Court Reporters - CAFCASS - mislead again
----- Original Message -----
From: Dow, Catherine
Sent: Thursday, June 10, 2004 1:17 PM
Subject: F.A.O Baroness Pitkeathley
Dear Mr Mortimer
Many thanks for your recent enquiry, to which I am responding
on behalf of Baroness Pitkeathley, the Chair of CAFCASS.
CAFCASS recognises that children generally benefit from a
continuing relationship with both parents after a family breakdown.
We also acknowledge that the best outcomes for children are
usually where parents themselves reach agreement about arrangements
for the future of their children, as most do without resorting
to the courts.
Where agreement cannot be reached, state intervention in family
life may be needed, but is generally likely to be second best.
Fewer than one in 10 parental disputes end up in the courts
but when cases do go to court, decisions will be made on the
facts of each individual case in which the child's welfare
is the court's paramount consideration.
CAFCASS does not believe it is possible to set rigid standard
rules for contact between children and their parents as the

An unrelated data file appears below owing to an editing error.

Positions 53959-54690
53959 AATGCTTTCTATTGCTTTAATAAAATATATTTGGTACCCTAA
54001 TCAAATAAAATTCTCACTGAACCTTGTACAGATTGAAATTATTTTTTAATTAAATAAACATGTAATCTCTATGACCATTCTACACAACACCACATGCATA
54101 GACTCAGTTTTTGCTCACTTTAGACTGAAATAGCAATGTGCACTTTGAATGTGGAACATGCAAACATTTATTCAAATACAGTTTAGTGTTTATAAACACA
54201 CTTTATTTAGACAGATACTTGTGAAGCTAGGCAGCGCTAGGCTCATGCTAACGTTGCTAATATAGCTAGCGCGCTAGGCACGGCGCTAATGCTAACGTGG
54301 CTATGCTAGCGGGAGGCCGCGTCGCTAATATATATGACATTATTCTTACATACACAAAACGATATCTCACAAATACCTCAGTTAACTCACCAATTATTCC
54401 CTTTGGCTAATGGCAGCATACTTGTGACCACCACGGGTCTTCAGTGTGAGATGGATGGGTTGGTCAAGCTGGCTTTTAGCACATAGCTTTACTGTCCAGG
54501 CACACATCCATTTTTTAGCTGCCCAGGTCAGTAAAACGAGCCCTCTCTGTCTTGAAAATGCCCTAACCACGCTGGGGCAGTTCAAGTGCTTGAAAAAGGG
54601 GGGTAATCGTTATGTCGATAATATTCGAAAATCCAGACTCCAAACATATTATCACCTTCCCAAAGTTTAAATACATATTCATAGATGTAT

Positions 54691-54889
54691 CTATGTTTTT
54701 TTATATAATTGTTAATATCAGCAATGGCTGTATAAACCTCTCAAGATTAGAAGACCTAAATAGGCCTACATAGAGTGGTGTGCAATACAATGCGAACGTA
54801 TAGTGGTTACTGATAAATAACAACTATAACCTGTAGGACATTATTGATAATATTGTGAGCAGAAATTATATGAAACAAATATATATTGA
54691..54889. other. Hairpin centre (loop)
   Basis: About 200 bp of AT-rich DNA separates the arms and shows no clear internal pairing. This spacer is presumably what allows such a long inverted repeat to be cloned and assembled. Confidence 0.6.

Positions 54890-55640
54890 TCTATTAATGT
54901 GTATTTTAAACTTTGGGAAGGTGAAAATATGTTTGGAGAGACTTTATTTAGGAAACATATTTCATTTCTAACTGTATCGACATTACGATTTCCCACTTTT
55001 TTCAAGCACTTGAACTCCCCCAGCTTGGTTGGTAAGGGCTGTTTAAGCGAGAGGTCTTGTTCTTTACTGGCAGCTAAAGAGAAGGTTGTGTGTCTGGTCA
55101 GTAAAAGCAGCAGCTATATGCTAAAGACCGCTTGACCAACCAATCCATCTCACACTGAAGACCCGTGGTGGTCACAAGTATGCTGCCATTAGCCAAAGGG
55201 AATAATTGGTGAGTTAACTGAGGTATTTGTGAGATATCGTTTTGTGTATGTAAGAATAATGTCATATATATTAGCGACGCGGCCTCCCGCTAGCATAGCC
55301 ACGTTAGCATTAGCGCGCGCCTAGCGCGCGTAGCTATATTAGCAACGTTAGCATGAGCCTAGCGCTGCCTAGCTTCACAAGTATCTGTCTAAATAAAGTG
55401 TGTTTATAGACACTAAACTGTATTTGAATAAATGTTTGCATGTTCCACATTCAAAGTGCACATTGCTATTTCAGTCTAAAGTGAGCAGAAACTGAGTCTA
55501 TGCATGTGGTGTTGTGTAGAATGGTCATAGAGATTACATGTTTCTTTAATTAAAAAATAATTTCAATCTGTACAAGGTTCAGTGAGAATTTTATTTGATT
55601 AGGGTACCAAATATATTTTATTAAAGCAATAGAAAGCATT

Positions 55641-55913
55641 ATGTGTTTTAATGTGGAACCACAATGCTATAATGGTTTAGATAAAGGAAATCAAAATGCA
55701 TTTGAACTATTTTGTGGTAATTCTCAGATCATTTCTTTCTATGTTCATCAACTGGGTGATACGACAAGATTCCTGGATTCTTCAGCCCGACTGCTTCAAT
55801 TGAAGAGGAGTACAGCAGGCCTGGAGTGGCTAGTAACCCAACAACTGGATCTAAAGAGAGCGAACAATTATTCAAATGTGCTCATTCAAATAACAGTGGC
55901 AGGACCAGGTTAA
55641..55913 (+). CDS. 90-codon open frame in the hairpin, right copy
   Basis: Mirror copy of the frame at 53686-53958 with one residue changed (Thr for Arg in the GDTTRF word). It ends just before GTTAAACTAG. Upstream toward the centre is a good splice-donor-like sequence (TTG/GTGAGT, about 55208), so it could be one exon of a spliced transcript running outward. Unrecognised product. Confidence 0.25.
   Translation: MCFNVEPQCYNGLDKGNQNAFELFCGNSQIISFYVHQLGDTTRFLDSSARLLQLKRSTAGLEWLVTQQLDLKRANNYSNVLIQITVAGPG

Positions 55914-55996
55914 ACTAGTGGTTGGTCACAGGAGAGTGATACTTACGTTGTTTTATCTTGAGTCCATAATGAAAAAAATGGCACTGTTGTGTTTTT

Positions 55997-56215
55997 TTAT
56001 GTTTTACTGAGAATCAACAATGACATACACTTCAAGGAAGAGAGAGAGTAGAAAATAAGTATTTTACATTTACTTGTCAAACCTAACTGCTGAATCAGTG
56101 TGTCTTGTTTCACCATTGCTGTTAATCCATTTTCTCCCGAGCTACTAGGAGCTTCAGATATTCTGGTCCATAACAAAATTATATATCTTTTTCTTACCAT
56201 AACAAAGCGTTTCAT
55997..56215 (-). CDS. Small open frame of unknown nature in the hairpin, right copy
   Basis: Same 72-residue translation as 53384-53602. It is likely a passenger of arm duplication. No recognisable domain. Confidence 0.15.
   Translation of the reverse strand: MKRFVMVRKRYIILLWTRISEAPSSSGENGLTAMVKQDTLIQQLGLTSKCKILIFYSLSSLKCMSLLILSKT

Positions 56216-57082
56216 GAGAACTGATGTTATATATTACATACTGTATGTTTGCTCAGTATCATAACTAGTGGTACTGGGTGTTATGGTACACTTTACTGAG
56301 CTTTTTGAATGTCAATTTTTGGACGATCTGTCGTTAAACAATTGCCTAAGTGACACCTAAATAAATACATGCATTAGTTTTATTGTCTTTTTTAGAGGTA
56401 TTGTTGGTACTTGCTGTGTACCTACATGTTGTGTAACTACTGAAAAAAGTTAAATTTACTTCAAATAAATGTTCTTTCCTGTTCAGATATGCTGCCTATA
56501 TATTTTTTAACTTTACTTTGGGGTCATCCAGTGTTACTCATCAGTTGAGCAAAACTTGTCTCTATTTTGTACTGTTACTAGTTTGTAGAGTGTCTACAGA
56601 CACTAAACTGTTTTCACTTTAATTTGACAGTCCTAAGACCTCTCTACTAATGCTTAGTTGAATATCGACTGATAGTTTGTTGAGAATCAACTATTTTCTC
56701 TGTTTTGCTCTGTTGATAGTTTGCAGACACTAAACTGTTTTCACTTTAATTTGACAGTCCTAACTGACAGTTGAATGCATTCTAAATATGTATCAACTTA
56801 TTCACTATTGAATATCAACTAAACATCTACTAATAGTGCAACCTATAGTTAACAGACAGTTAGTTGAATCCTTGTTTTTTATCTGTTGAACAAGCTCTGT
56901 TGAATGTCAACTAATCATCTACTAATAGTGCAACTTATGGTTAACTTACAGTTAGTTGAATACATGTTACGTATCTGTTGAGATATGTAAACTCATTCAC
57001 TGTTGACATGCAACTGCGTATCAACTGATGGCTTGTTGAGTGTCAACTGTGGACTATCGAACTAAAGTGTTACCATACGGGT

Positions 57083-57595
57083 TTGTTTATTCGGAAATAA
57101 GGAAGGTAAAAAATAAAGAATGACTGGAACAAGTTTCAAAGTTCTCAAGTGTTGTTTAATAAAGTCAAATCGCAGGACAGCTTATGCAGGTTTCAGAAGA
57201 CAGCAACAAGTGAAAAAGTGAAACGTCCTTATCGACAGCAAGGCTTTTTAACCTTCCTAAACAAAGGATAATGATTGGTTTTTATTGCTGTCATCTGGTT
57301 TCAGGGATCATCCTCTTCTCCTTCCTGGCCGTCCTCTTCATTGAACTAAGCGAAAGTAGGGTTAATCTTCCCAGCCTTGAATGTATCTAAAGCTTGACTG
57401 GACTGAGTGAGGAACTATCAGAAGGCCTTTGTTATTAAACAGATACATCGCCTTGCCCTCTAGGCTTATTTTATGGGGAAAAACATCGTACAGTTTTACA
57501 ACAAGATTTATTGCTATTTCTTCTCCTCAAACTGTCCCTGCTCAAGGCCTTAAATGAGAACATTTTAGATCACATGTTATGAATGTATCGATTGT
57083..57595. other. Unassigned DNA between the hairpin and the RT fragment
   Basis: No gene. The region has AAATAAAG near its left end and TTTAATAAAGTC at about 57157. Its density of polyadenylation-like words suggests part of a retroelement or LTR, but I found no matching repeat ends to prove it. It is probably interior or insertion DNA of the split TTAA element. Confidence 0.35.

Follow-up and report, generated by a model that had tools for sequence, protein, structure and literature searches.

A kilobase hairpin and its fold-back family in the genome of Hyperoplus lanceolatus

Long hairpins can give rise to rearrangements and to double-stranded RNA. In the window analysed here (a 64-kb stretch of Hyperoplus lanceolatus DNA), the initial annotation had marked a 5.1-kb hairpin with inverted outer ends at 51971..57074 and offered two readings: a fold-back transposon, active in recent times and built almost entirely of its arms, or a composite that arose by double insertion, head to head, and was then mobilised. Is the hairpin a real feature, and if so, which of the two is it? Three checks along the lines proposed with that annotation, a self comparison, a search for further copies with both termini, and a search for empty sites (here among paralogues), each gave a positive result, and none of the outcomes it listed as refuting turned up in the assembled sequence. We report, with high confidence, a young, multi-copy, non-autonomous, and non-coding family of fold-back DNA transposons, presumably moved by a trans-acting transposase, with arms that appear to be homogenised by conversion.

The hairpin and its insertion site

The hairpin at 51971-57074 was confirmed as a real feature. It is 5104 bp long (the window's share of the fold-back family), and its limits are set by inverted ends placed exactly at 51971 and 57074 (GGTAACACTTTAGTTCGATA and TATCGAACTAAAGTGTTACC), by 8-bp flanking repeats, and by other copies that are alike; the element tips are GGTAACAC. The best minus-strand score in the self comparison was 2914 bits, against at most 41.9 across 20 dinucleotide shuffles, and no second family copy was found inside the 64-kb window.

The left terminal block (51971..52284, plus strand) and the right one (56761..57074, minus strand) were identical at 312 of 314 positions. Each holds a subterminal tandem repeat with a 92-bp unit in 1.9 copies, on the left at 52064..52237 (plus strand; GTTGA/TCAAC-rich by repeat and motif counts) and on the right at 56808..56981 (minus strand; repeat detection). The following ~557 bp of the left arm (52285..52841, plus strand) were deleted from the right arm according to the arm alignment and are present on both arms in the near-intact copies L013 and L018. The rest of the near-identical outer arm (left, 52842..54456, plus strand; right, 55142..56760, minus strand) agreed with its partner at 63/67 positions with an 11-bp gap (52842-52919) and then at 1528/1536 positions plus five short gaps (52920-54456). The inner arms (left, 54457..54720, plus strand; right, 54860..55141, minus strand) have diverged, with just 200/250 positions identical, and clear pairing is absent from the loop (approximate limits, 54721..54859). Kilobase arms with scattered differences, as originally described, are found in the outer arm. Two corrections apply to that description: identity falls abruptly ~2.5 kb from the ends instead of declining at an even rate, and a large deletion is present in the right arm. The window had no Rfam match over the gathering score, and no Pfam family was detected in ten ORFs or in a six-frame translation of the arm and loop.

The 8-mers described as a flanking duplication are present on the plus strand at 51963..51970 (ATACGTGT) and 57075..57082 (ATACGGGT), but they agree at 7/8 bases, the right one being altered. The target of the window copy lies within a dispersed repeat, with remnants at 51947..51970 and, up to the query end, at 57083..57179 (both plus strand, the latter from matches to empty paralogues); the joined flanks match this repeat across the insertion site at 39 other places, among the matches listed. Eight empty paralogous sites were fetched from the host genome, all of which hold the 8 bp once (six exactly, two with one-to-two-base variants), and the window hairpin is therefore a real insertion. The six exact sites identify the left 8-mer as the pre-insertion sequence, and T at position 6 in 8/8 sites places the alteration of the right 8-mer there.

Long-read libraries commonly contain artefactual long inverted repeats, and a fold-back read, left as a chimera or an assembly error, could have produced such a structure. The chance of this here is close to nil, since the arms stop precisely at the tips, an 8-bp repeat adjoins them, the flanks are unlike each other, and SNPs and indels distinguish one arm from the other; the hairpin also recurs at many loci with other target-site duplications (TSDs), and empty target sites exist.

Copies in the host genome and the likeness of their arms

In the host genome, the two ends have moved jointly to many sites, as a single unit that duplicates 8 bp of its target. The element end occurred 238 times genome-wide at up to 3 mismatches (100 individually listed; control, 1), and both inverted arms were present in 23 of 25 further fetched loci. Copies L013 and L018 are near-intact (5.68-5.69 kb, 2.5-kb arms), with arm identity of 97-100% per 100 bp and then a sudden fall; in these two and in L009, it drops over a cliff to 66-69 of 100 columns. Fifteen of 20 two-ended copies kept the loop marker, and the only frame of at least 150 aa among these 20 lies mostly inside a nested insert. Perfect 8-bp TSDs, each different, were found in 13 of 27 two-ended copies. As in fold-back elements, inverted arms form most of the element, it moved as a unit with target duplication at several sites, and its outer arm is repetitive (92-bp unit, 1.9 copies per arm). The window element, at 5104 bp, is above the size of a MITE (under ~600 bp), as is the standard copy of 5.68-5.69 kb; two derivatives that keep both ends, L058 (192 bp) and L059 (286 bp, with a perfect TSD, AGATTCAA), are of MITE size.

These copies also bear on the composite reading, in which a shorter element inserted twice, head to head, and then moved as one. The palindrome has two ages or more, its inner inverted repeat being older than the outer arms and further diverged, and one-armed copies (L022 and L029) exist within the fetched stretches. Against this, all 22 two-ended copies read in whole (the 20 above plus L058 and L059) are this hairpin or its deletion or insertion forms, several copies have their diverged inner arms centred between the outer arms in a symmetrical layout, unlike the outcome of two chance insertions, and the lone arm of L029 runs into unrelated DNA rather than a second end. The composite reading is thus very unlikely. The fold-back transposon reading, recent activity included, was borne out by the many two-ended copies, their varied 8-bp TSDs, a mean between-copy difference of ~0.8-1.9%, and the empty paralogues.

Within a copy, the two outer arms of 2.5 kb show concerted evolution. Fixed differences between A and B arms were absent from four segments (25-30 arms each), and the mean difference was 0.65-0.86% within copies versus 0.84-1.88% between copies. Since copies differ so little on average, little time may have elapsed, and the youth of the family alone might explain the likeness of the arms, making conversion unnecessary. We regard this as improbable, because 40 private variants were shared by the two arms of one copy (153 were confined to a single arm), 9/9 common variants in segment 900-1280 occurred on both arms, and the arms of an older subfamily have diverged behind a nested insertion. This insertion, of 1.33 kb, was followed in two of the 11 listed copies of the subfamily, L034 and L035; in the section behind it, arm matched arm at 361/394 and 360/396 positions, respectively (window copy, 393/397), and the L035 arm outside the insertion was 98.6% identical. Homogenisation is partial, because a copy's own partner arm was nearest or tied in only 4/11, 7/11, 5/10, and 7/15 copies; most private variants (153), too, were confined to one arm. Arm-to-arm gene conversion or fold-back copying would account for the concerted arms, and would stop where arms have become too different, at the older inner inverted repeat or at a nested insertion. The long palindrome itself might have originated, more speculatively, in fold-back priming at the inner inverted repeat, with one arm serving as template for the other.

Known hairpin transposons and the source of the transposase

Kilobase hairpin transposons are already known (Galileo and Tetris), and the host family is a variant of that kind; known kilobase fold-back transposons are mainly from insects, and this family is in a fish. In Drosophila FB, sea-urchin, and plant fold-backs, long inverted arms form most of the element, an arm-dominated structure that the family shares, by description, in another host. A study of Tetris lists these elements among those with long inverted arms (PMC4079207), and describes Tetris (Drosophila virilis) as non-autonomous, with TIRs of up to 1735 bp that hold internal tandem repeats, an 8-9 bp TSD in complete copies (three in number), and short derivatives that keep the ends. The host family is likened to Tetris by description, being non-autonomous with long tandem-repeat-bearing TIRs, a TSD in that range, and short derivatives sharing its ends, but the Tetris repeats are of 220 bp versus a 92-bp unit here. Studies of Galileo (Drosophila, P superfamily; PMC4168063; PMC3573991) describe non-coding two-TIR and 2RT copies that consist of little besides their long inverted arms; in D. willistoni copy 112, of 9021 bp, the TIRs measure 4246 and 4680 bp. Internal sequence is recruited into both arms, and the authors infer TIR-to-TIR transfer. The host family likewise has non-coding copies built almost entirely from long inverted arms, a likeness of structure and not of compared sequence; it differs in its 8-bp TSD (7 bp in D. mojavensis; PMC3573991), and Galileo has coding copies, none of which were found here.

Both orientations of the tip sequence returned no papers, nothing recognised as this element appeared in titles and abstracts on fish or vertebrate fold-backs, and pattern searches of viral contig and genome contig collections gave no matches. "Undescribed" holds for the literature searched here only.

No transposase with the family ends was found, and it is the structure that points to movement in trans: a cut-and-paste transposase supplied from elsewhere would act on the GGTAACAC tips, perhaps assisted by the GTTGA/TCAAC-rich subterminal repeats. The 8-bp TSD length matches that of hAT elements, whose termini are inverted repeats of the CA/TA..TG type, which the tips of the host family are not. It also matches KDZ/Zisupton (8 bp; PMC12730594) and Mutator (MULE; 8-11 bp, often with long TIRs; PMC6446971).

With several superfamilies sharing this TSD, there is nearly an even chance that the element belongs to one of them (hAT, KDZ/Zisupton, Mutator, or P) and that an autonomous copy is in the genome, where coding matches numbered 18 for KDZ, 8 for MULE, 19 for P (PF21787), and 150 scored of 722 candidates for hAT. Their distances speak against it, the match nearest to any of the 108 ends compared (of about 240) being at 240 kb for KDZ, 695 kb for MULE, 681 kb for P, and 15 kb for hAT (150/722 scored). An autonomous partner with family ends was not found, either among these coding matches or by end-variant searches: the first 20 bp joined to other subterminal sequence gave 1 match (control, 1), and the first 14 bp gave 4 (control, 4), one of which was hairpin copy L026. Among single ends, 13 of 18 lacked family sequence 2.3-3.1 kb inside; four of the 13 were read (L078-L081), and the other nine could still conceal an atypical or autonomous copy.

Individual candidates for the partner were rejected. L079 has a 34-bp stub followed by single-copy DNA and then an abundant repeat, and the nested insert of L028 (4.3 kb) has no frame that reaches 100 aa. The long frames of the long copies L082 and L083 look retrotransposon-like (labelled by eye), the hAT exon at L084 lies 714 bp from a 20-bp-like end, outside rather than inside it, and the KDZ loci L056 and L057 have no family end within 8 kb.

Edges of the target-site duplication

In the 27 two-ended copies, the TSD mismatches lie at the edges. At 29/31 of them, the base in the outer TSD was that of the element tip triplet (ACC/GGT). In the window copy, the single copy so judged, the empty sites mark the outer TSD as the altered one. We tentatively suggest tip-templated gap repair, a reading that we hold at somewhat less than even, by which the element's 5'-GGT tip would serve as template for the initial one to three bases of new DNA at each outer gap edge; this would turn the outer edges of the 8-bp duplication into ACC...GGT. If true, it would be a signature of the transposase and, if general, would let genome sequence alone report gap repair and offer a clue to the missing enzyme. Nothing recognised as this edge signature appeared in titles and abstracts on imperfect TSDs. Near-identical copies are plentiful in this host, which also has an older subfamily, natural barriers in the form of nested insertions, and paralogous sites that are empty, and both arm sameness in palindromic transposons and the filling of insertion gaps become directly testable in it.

circumstances of families vary considerably. Shared residence
(or joint residence) is one of a range of options available
for families. When considering these options, we base our
recommendations on what arrangements are in the best interests
of the child.
CAFCASS continues to take note of developing caselaw  and
research on the subject of shared residence, which shows that
successful shared residence depends on a high degree of co-operation
between the parents. When parents are in conflict or find
it difficult to communicate, there can be difficulties for
some children who split their time equally between their parent's
houses after divorce or separation, particularly as they get
 D v D  1 FLR 495, Re A  1 FCR 177, Re F 
2 FLR 397 and A v A  EWHC 142 (Fam).
 Smart, C., Neale, B. and Flowerdew, J. (forthcoming 2003)
Follow up study to The Changing Experience of Childhood: Families
and Divorce Polity Press (2001).